I enjoy the breakfast and lunch the most. With fine dining, people have certain expectations?when you're spending anywhere between $100 and $150, everything better be top-notch. For breakfast, you have a chance to really wow people, the same as you do with lunch. Lunch is going to be a little more turn-and-burn because we're catering to business folks who maybe have only an hour for lunch. They've got to get in, out, and back to work. You can have one or two late lunches, but eventually people will stop coming if they realize that lunch takes too long may be causing problems at work. Lunch has to be tight and quick. There isn't a lot of room for mistakes. Even remaking a dish adds ten minutes to service, which could mean someone's commute time.

I've also noticed with the day crowd that, after a while, it becomes pretty easy to spot who's in management and who isn't based on, first of all, what they order, but second of all when they come in for lunch. Your normal, cubicle-type people have 12:00-1:00. That's their time. If you're a manager or supervisor, your lunch can be 12:30 to 1:00 or 2:00, so it pushes things back a little bit. As a supervisor, you may have an hour and a half and having a glass of wine is okay.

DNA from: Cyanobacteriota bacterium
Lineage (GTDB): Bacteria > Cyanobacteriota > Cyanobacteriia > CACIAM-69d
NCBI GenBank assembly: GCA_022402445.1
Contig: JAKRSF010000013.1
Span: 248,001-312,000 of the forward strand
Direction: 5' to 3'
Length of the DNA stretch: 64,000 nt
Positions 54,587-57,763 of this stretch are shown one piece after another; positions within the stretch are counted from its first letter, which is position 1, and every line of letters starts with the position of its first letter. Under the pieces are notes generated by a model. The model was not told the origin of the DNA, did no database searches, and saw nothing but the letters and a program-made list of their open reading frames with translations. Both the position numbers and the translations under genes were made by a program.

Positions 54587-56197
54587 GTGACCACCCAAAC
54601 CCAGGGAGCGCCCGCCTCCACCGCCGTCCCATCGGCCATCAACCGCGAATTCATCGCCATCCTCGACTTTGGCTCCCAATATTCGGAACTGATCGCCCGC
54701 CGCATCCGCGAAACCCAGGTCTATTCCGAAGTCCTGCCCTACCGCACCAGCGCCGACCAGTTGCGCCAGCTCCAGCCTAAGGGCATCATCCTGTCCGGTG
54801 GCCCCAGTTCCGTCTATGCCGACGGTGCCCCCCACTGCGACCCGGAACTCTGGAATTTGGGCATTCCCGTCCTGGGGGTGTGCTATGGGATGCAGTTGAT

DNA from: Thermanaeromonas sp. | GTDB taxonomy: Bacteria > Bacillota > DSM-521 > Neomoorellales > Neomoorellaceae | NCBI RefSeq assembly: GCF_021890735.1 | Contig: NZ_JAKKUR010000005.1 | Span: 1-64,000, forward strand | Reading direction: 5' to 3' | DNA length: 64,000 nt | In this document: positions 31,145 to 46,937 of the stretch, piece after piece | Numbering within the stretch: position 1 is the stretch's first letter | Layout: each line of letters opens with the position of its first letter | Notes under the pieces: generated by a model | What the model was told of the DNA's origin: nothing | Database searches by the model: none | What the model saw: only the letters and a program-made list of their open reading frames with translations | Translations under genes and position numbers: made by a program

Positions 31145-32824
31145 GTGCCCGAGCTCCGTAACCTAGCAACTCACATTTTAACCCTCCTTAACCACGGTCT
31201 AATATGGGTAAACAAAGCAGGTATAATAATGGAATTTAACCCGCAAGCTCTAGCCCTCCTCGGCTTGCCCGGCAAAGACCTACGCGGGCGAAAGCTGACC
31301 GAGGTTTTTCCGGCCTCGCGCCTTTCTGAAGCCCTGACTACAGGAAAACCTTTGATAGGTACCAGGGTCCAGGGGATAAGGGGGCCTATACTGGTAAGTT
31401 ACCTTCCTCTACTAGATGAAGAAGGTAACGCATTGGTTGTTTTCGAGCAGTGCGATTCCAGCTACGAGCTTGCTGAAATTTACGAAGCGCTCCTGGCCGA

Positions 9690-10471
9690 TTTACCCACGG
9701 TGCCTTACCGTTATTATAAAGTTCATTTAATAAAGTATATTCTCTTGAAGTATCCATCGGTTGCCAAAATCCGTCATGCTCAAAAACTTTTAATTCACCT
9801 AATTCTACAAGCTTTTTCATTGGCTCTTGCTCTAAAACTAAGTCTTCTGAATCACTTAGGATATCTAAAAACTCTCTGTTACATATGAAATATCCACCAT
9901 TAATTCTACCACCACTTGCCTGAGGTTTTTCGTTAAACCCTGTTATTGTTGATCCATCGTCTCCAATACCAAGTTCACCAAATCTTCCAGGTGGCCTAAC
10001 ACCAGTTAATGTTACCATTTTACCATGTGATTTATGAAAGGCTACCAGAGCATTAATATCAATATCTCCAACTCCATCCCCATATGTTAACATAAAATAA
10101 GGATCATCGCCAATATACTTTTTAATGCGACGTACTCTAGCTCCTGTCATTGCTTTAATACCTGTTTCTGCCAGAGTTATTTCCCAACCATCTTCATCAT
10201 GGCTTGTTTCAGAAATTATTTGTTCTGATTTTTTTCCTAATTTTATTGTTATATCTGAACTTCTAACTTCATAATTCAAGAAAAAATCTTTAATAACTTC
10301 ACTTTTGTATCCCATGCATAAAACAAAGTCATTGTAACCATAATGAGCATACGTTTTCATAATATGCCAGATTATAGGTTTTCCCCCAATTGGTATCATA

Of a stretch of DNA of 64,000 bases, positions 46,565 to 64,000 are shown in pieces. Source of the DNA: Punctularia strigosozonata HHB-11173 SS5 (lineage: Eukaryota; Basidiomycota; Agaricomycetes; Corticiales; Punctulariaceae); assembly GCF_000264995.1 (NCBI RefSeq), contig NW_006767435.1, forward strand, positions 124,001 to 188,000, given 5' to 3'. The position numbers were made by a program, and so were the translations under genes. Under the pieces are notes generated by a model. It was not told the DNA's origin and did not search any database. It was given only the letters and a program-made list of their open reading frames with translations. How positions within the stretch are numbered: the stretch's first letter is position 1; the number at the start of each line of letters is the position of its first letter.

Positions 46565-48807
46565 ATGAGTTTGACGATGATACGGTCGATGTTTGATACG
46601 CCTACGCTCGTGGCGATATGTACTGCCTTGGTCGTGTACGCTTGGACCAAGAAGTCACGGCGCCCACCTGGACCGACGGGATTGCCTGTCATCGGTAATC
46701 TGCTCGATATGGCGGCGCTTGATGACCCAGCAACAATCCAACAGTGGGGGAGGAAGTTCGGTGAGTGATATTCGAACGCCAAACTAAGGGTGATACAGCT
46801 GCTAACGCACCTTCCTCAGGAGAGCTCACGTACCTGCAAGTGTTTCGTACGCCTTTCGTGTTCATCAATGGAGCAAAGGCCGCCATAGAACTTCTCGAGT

I see that you're putting that anthropology degree to good use...

Haha, if you know what to look for, you can read the signs.

With all that stuff to juggle, what's your go-to gatekeeping tool?

Honestly, for my sections and keeping my servers happy, I just have a piece of scratch paper where I tick off who's got the next table. Anything like that to help facilitate communication is great because, in such a tight environment, working on such a tight schedule, I won't be able to run around and find a reserve, and a waiter who just sat someone can't run around to find me and tell me that it's so-and-so's turn. Having a central place for people to keep track of this information is key. Our seating and reservations are all old-fashion?strictly
clipboards. We're too small a place for a big electronic seating system.

The space does feel pretty big, though.